In my view, it’s not Extraverted Thinking (Te) that is most essential about the One, but the One’s moral concern and attendant sense of mission. In embodying the hero archetype, the One has a masculine bent, which is part of what differentiates it from the more feminine 2 and 9 types which flank it. While type 2 also has a moral component, its focus is more on altruistic service than being a moral prophet or change agent.
Hence, what we are looking for in our alternate version of the One is a type of moral hero who is less judgmental and legalistic, but still has strong convictions and a desire to effect change.
Let’s take the Myers-Briggs INFP personality type as an example. Now, I’m not suggesting that INFPs typically identify as Enneagram Ones (more often they type as Enneagram type 4 or Enneagram 9), although it’s not out of the question. But let’s consider how an might an INFP come to embrace and embody the moral hero archetype that we’ve associated with Ones.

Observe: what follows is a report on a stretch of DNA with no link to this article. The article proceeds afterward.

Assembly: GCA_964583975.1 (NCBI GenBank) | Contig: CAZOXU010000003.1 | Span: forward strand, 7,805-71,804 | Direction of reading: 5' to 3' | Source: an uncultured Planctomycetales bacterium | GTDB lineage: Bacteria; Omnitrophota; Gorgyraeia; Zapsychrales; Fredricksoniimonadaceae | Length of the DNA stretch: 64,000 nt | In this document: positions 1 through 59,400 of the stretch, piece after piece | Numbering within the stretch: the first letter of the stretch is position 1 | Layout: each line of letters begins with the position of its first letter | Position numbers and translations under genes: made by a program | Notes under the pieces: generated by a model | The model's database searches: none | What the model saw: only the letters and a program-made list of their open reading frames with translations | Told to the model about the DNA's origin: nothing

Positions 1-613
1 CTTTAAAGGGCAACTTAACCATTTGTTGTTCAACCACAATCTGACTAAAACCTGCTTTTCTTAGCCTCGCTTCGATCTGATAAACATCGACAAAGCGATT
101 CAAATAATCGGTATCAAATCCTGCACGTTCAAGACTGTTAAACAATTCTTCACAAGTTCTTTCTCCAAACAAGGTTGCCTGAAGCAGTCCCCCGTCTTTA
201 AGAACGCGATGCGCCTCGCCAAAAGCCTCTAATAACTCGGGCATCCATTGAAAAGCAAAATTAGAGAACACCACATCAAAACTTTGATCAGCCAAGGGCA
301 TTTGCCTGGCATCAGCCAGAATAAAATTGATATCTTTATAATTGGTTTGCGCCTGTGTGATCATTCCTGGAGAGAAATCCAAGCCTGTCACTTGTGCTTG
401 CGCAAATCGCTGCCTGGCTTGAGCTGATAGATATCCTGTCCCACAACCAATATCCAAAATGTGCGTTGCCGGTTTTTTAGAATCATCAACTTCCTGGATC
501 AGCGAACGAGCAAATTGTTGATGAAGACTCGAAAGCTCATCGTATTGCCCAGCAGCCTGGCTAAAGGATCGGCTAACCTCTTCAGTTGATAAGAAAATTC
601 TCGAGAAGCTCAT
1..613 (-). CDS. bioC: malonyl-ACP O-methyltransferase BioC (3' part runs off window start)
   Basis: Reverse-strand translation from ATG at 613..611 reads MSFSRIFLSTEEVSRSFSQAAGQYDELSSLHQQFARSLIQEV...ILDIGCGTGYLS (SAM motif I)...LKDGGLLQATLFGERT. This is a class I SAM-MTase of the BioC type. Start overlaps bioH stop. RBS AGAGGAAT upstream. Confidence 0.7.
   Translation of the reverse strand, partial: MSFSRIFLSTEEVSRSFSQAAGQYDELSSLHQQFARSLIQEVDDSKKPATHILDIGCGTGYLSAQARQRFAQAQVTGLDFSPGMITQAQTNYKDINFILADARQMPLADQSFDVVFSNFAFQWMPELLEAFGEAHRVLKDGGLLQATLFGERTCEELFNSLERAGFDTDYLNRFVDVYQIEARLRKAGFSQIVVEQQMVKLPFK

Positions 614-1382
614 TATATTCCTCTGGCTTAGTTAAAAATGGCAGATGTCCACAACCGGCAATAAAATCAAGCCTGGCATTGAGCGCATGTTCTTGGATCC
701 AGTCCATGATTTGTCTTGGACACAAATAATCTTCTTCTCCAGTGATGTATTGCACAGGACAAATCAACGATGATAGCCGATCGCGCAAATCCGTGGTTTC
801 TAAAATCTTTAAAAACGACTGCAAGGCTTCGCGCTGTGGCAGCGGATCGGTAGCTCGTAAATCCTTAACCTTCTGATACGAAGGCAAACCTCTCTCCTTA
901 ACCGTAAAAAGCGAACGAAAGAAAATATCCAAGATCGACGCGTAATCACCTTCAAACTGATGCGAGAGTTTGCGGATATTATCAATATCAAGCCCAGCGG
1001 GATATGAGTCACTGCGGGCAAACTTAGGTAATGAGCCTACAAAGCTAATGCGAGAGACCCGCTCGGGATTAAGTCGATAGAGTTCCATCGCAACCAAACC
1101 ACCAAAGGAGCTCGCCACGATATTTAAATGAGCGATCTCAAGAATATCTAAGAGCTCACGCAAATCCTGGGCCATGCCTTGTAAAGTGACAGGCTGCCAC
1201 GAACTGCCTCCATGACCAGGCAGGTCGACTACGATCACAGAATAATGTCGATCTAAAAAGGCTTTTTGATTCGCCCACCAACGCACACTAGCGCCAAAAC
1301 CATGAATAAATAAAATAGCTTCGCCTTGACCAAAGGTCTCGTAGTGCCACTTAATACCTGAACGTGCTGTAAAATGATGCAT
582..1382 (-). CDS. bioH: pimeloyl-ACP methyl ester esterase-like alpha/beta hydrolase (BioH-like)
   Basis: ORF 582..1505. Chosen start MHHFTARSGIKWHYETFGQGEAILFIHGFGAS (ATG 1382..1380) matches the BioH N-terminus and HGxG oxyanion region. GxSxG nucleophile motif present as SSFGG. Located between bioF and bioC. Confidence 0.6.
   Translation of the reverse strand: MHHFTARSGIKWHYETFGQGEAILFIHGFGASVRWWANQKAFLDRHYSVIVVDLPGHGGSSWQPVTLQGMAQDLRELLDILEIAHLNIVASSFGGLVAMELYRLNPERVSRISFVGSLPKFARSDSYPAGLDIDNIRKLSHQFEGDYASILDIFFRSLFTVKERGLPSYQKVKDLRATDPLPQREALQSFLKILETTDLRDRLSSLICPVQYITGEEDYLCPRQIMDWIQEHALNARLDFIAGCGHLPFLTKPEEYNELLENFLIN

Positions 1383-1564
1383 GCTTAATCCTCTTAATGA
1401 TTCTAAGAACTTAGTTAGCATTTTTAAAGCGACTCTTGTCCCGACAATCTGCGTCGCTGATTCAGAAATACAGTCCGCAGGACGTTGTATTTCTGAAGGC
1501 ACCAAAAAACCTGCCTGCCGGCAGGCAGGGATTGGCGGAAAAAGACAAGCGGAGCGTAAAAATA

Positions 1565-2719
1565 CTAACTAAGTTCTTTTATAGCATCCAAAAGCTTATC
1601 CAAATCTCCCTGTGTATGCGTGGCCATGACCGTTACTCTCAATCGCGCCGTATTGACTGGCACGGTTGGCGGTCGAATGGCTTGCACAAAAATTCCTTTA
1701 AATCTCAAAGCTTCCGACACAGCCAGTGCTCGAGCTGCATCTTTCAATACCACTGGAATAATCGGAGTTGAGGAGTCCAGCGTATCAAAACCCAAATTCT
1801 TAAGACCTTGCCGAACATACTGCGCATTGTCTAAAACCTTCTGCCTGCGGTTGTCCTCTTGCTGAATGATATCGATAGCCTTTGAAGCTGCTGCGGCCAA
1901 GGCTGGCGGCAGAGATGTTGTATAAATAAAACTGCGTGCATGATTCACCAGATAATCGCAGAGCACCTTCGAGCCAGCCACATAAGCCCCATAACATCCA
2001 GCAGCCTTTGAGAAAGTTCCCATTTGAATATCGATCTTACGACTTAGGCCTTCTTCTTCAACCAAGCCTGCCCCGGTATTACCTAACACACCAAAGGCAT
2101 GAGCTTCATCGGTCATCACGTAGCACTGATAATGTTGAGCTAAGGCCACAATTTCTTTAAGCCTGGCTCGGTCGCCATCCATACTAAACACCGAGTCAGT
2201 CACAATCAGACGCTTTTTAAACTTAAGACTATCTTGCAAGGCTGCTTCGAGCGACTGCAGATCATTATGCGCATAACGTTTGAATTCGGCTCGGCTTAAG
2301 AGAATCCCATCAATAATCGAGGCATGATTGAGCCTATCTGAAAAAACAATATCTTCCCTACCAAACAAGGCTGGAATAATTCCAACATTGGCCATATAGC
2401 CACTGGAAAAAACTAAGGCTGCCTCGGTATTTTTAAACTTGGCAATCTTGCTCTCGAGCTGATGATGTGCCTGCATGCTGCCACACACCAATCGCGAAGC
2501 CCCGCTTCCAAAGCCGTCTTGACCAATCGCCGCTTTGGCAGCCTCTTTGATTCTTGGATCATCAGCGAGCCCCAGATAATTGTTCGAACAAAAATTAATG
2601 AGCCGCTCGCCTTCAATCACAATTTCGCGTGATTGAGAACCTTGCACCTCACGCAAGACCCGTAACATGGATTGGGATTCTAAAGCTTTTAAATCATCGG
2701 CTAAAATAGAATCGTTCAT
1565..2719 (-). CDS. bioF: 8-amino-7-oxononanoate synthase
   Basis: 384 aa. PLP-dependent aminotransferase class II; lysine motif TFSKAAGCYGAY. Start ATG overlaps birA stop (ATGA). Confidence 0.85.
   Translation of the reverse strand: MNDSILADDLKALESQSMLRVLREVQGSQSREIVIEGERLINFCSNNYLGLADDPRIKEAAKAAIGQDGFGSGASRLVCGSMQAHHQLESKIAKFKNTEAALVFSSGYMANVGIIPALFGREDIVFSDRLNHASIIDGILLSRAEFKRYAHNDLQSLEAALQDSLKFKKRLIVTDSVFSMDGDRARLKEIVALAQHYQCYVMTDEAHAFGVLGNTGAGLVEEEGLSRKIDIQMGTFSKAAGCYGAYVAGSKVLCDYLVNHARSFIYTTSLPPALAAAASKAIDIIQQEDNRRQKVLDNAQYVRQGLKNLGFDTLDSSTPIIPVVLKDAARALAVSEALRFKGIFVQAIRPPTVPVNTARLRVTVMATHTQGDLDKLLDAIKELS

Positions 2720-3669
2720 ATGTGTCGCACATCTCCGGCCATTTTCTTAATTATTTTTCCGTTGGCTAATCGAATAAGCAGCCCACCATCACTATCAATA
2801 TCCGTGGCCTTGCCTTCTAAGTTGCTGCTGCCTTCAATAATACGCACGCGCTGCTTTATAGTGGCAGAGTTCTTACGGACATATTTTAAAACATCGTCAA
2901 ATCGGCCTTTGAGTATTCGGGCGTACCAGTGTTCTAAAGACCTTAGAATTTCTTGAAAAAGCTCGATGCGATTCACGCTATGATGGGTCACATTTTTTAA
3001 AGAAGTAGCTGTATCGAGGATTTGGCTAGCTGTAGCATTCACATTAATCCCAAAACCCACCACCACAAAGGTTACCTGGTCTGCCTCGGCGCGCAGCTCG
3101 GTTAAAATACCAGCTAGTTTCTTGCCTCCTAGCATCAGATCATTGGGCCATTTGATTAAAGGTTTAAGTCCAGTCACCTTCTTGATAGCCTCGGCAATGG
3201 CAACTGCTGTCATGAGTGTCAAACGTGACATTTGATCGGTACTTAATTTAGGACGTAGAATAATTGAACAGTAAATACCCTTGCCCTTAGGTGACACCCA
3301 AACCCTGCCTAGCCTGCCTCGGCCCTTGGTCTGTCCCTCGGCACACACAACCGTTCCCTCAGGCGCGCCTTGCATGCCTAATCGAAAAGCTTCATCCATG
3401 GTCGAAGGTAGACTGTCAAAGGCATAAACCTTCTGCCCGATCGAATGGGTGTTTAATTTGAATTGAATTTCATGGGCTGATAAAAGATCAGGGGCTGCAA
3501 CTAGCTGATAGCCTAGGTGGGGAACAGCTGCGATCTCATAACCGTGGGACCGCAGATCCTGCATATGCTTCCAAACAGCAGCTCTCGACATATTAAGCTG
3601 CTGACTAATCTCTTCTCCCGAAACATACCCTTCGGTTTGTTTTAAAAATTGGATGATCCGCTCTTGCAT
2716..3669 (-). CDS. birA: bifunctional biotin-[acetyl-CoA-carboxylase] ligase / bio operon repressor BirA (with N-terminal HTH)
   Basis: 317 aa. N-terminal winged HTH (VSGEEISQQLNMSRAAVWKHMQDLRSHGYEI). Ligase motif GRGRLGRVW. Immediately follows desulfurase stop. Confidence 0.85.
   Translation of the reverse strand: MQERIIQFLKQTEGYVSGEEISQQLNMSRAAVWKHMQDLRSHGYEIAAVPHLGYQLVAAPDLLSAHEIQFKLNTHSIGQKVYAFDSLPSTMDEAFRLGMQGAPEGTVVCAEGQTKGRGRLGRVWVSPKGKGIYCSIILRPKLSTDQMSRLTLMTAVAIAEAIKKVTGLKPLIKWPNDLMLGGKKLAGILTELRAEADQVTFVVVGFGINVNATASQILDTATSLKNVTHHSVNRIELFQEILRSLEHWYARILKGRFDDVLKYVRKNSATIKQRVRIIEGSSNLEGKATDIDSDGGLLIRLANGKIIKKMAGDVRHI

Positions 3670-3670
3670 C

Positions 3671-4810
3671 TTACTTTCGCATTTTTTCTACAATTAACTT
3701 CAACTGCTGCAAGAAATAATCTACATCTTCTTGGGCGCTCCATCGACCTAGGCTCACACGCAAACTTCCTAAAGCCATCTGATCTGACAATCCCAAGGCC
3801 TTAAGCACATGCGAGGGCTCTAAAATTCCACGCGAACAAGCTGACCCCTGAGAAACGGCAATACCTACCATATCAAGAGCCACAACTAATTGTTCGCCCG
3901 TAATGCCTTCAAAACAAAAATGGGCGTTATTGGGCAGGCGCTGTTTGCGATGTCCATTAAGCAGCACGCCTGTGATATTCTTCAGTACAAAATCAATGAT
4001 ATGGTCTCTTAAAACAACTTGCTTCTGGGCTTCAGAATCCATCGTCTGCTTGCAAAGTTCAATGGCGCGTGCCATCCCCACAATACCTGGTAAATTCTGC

INFPs’ dominant function, Introverted Feeling (Fi), gives them a strong sense of their own personal values. They differ from J types, however, in that their first instinct isn’t to outwardly judge or fix those who exhibit different values. INFPs are more apt to keep their judgments to themselves, appearing outwardly patient and accepting. In other words, they aren’t disposed to impose their views on others, at least not directly.